A study by Hochman (2017) found that biotin supplements may be effective in improving energy levels in individuals with biotin deficiency. However, the study was small and more research is needed to confirm these findings.
Benefits of biotin for brain health
Some research suggests that biotin may have a positive effect on cognitive function and mood. It is thought to be involved in the production of certain neurotransmitters, such as serotonin and dopamine, which are involved in mood regulation.
In a review of the literature, Selhub et al. (2014) found that biotin may be beneficial for brain health in older adults.
Benefits of biotin for pregnancy
Biotin is important for fetal growth and development, and may be beneficial for pregnant women. It is also important for lactation, as it helps to produce milk.
A review by Zempleni et al. (2017) found that biotin supplements may be beneficial for pregnant women and lactating mothers.
Benefits of biotin for blood sugar control
Biotin may help to improve blood sugar control in people with type 2 diabetes. It has been shown to lower blood sugar levels and increase insulin sensitivity in several studies.
A systematic review by Hochman (2017) found that biotin supplements may be effective in improving blood sugar control in individuals with type 2 diabetes.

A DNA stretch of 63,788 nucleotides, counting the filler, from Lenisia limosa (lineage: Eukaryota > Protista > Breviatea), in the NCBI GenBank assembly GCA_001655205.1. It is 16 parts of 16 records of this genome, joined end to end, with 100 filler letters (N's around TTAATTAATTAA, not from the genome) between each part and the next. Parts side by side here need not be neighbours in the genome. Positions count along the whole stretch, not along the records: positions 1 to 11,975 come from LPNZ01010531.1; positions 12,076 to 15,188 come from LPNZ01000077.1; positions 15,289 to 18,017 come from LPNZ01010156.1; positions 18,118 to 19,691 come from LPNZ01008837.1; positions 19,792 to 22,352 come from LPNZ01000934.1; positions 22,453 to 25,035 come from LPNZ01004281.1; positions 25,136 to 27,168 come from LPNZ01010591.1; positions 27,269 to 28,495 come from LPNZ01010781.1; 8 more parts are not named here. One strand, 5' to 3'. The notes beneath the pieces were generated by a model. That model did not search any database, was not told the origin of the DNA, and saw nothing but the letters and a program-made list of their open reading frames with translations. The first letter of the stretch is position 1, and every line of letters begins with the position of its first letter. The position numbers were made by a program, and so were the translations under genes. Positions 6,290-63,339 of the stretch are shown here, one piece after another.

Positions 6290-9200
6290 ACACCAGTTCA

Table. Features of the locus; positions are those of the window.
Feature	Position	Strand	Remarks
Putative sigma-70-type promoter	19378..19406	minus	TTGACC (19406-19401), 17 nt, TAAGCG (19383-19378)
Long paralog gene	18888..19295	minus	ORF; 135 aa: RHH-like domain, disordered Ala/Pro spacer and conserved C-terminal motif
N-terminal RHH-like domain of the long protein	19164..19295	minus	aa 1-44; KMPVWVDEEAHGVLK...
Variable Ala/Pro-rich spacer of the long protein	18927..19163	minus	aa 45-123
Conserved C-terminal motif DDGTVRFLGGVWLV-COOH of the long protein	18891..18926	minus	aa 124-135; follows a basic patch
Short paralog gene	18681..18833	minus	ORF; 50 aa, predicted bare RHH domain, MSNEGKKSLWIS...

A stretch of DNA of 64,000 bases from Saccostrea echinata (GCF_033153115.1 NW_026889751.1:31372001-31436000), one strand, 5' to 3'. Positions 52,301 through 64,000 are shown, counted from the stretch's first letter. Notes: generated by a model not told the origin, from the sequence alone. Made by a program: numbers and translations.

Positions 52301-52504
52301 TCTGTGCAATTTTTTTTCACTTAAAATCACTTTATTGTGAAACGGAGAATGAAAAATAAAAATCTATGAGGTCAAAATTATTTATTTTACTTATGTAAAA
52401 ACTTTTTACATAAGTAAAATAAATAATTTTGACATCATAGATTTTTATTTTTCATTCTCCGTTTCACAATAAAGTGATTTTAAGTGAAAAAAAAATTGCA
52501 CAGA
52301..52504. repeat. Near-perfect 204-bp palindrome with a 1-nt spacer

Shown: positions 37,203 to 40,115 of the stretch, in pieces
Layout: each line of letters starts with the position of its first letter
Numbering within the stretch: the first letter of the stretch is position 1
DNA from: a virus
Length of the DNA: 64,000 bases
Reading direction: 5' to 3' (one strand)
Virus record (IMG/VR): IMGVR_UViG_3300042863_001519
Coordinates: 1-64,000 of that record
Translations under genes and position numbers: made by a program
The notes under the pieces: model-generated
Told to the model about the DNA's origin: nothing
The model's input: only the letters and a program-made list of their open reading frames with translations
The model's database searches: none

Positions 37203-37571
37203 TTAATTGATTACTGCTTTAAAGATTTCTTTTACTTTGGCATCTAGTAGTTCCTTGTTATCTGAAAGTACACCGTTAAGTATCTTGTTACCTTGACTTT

Benefits of biotin for inflammation
Biotin has anti-inflammatory properties and may help to reduce inflammation in the body. This may be particularly beneficial for people with conditions such as rheumatoid arthritis and inflammatory bowel disease.
A review by Zempleni et al. (2017) found that biotin may have anti-inflammatory effects in the body.
Benefits of biotin for cardiovascular health
Some research suggests that biotin may have a positive effect on heart health by helping to lower cholesterol levels and reduce the risk of heart disease.
A systematic review by Hochman (2017) found that biotin supplements may be effective in improving cholesterol levels in individuals with high cholesterol.
What are the symptoms of biotin deficiency?
Biotin, also known as vitamin B7, is an essential nutrient that plays a role in various bodily functions. Deficiency in biotin is rare, but it can cause a range of symptoms, including:
Skin rash: A deficiency in biotin can cause a skin rash, which may appear as red, scaly patches on the skin.
Hair loss: A deficiency in biotin can cause hair loss, which may be especially noticeable on the scalp, eyebrows, and eyelashes.
Nail changes: A deficiency in biotin can cause brittle nails that may break easily or become ridged or grooved.
Neural tube defects: A deficiency in biotin during pregnancy can increase the risk of neural tube defects in the developing fetus.